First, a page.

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Decrease and Conquer. Reduce problem instance to smaller instance of the same problem Solve smaller instance Extend solution of smaller instance to obtain solution to original problem Also referred to as inductive or incremental approach. Examples of Decrease and Conquer.

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decrease and conquer
Decrease and Conquer
  • Reduce problem instance to smaller instance of the same problem
  • Solve smaller instance
  • Extend solution of smaller instance to obtain solution to original problem
  • Also referred to as inductive or incremental approach

Design and Analysis of Algorithms - Chapter 5

examples of decrease and conquer
Examples of Decrease and Conquer
  • Decrease by one:
    • Insertion sort
    • Graph search algorithms:
      • DFS, BFS, Topological sorting
    • Algorithms for generating permutations, subsets
  • Decrease by a constant factor
    • Binary search
    • Fake-coin problems
    • Multiplication à la russe
    • Josephus problem
  • Variable-size decrease
    • Euclid’s algorithm
    • Selection by partition

Design and Analysis of Algorithms - Chapter 5

what s the difference
What’s the difference?

Consider the problem of exponentiation: Compute an

  • Brute Force:
  • Divide and conquer:
  • Decrease by one:
  • Decrease by constant factor:

Design and Analysis of Algorithms - Chapter 5

insertion sort
Insertion Sort

Algorithm InsertionSort(A[0..n-1])

for i1 to n-1 do

vA[i]; ji-1;

while j>=0 and A[j]>v do

A[j+1]A[j]; jj-1

A[j+1]v

Improvements: sentinel, binary insertion, Shellsort

Efficiency

Design and Analysis of Algorithms - Chapter 5

graph traversal
Graph Traversal
  • Many problems require processing all graph vertices in systematic fashion
  • Graph traversal algorithms:
    • Depth-first search
    • Breadth-first search

Design and Analysis of Algorithms - Chapter 5

depth first search
Depth-first search
  • Explore a graph G=(V,E) always moving away from last visited vertex
  • Similar to preorder tree traversals
  • Algorithm DFS(G)

count :=0

mark each vertex with 0 (unvisited)

for each vertex v∈V do

if v is marked with 0

dfs(v)

dfs(v)

count  count + 1

mark v with count

for each vertex w adjacent to vdo

if w is marked with 0

dfs(w)

Design and Analysis of Algorithms - Chapter 5

example undirected graph

a

b

c

d

e

f

g

h

Example – undirected graph
  • Depth-first traversal:

Design and Analysis of Algorithms - Chapter 5

types of edges in a dfs forest
Types of edges in a DFS forest
  • Tree edges: edges comprising forest
  • Back edges: edges to ancestor nodes
  • Forward edges: edges to descendants (digraphs only)
  • Cross edges: none of the above

Design and Analysis of Algorithms - Chapter 5

example directed graph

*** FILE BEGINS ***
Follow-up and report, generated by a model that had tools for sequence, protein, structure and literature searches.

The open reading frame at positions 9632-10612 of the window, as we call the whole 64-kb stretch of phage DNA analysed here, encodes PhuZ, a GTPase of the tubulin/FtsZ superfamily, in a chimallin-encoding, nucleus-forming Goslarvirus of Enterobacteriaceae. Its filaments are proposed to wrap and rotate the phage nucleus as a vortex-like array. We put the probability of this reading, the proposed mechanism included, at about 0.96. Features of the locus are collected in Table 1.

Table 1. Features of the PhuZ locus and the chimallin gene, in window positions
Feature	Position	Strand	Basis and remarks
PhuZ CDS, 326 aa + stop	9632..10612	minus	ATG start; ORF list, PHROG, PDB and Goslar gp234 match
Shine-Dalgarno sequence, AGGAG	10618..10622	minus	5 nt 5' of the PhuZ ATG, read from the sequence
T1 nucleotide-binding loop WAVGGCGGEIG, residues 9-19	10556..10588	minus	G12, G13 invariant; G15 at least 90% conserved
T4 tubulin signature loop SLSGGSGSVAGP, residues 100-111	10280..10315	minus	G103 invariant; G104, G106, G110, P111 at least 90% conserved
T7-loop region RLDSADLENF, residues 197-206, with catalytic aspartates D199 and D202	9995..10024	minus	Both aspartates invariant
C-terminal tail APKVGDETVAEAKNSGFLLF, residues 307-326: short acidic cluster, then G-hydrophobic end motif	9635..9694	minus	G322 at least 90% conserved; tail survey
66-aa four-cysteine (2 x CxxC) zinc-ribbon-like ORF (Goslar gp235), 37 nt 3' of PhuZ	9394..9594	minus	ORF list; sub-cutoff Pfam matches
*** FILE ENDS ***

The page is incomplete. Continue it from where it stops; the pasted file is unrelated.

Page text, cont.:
Example – directed graph
  • Depth-first traversal:

a

b

c

d

e

f

g

h

Design and Analysis of Algorithms - Chapter 5

depth first search notes
Depth-first search: Notes
  • DFS can be implemented with graphs represented as:
    • Adjacency matrices: Θ(V2)
    • Adjacency linked lists: Θ(V+E)
  • Yields two distinct ordering of vertices:
    • preorder: as vertices are first encountered (pushed onto stack)
    • postorder: as vertices become dead-ends (popped off stack)
  • Applications (Hopcroft-Tarjan):
    • checking connectivity, finding connected components
    • checking acyclicity, articulation points
    • searching state-space of problems for solution (AI)

Design and Analysis of Algorithms - Chapter 5

breadth first search
Breadth-first search
  • Explore graph moving across to all the neighbors of last visited vertex
  • Similar to level-by-level tree traversals
  • Instead of a stack, breadth-first uses queue
  • Applications: same as DFS, but can also find paths from a vertex to all other vertices with the smallest number of edges

Design and Analysis of Algorithms - Chapter 5

breadth first search algorithm
Breadth-first search algorithm
  • Algorithm BFS(G)
  • count 0
  • mark each vertex with 0
  • for each vertex v ∈ V do bfs(v)

bfs(v)

count  count + 1

mark v with count

initialize queue with v

while queue is not empty do

a front of queue

for each vertex w adjacent to a do

if w is marked with 0

count  count + 1

mark w with count

add w to the end of the queue

remove a from the front of the queue

Design and Analysis of Algorithms - Chapter 5

example undirected graph1

a

b

c

d

e

f

g

h

Example – undirected graph
  • Breadth-first traversal:

Design and Analysis of Algorithms - Chapter 5

example directed graph1
Example – directed graph
  • Breadth-first traversal:

a

b

c

d

e

f

g

h

Design and Analysis of Algorithms - Chapter 5

breadth first search notes
Breadth-first search: Notes
  • BFS has same efficiency as DFS and can be implemented with graphs represented as:
    • Adjacency matrices: Θ(V2)
    • Adjacency linked lists: Θ(V+E)
  • Yields single ordering of vertices (order added/ deleted from queue is the same)

Design and Analysis of Algorithms - Chapter 5

directed acyclic graph dag
Directed acyclic graph (dag)
  • A directed graph with no cycles
  • Arise in modeling many problems, eg:
    • prerequisite structure
    • food chains
  • Imply partial ordering on the domain